According to Wikipedia Carndochan:
castle stands on a ridge overlooking the Lliw Valley; its early history is unrecorded, but it is thought to have been built by Prince Llywelyn ap Iorwerth between 1215 and 1230.  Little is known of the site's history although King Edward I of England visited in 1283–84.
In reality few castles are known to have been built by Prince Llywelyn.  A paper, taken from Harlech Castle and its True Origins, summarising the evidence for this can be found here.  

Carndochan lay in the commote of Uwch Tryweryn in the cantref of Penllyn. As such the castle was held by the kings of Powys until 1160 when King Madog ap Maredudd died at Whittington castle.  His son Elise then held Penllyn until 1202 when he was dispossessed by Llywelyn ab Iorwerth who was attacking Powys.  As a consequence Elise was forced to retire to the commote of Edeirnion, north of Bala, which is based around Corwen and Rug castle.  According to the Welsh Chronicles, Elise was allowed to retain 'for his sustenance a castle called Crogen and seven small townships along with it'.  As Crogen was in Is Tryweryn, due east of Bala, it would seem that Elise managed to keep the eastern part of his domains as the chronicles announced with glee Llywelyn's taking and maintaining of Bala castle.  As Crogen lies 6 miles SE of Bala, towards
Powys which was friendly to Elise, it seems natural for him to be forced back in that direction.  

This leaves the question as to why Llywelyn, holding Bala castle, would then fortify the remote highland site of Carndochan where no one was likely to attack him?  The only feasible route of attack here comes either from Gwynedd to the north or from Bala down lake Tegid.  Carndochan therefore seems to protect solely against attack from Gwynedd or Meirionydd, which Llywelyn had conquered before attacking Penllyn.  The style of the castle too makes it most unlikely that a prince of Gwynedd would have built this castle after Llywelyn's death in 1240.  This therefore leaves the logical answer that Carndochan was built by the princes of Powys, a more Anglophile princely family, who were well known for building and reusing castles, viz, Carreghova (1187), Cymer (1116), Dinas Bran (1187), Edeirnion/Rug (1160), Oswestry (1149), Powis (1111), Tafolwern (bef.1162), Whittington (1149).  The castle therefore seems meant to protect Powys from agression by the princes of Gwynedd, not by the princes of Gwynedd to threaten distant Powys.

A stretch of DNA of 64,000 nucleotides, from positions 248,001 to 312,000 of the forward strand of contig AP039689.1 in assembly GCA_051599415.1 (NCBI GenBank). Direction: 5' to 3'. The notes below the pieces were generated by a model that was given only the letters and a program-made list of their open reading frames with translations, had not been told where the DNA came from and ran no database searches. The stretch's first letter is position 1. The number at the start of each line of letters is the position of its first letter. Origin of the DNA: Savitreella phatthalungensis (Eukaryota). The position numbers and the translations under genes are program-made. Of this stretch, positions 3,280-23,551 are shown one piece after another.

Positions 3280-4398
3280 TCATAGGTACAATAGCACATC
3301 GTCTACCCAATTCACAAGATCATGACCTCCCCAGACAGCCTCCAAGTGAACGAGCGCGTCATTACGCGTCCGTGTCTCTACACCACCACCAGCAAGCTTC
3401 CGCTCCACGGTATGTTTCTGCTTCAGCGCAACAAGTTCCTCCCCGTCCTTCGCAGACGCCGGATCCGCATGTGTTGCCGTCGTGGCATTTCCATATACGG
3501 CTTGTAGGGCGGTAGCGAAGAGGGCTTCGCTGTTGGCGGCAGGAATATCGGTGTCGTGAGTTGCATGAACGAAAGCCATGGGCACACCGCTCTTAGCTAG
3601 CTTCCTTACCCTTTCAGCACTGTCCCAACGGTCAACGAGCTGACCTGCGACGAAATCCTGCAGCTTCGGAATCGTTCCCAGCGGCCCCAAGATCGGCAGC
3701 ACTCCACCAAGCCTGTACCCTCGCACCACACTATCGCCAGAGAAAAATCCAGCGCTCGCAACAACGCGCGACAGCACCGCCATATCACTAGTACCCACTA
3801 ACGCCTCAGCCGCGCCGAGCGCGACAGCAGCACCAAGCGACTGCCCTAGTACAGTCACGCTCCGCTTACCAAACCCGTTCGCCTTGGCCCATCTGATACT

Presuming the castle was built by 1202 it obviously fell to Prince Llywelyn that year.  Possibly the prince sub-infeudated the castle, for on 7 August 1281, when Prince Llywelyn ap Gruffydd (d.1282) found his new frontier in Penllyn, he seems to have tried to acquire the castle.  It is possible that Carndochan had been given to Tewdwr ab Ednyfed in the 1240s or 1250s.  Certainly Prince Llywelyn claimed he had given Pennant-lliw to Tewdwr when he swapped it back with Tewdwr's son, Heilyn, in August 1281.  Pennant-lliw was a township in Penllyn in which Carndochan castle lay.  The implication of this might have been that Llywelyn was taking the fortress back over to help defend his new frontier during a time of increased tension between Llywelyn and his Powysian neighbours to the south and east.  This would also have given King Edward a reason to look over the fortress in 1283.

The castle remains have recently been partially excavated which confirms much of the castle's plan.  The centre of the fortress was a keep, 35' square, built on the turf overlying the bedrock.  Such a 'foundation' strongly suggests a quick Welsh build.  There are several keeps of similar dimensions in England; Bridgnorth (38'x35'), Clitheroe (35' square), Clun (30' square), Farnham (37' square), Goodrich (29' square), Hyssington (27' square)
, Moreton Corbet (38'x33'), Peveril (21'x19'), South Mymms (35' square), Wattlesborough (30' square), Whittington (52'x38') and some in Wales, Criccieth (43'x32'), Dinas Emrys (36'x27'), Dolwyddelan I (25'square?), Dolwyddelan II (44'x31'), Usk (35' square), White Castle (35' square) and Castell Y Bere (50'x35').  The tower was surrounded by a bow shaped ward with a round tower to the NE.  To the south was an entrance, of which the pointed arch still survived collapsed into the gatepassageway, flanked some way to the east by a D shaped tower and by an elongated D shaped tower similar to those of Ewloe and Y Bere.  There was a rock cut ditch to the SW, but nothing around the rest of the site which just relied upon the steep slope for defence.  No dateable finds were found within the castle other than a fifteenth century token.  Evidence found in Victorian excavations and in the present one, suggest that the keep at least was destroyed by fire.  As Edward I did visit... it is to be presumed it was fired after this date, unless it had been destroyed by its garrison in 1282 like Criccieth and Harlech.  In which case Edward was probably assessing whether it should be reused like the above two castles, or abandoned.  There would also appear to be a ditched platform with rounded corners surrounding the castle, about 700' E-W and 600' N-S.  Possibly this is an unrecognised site of a Roman fort.


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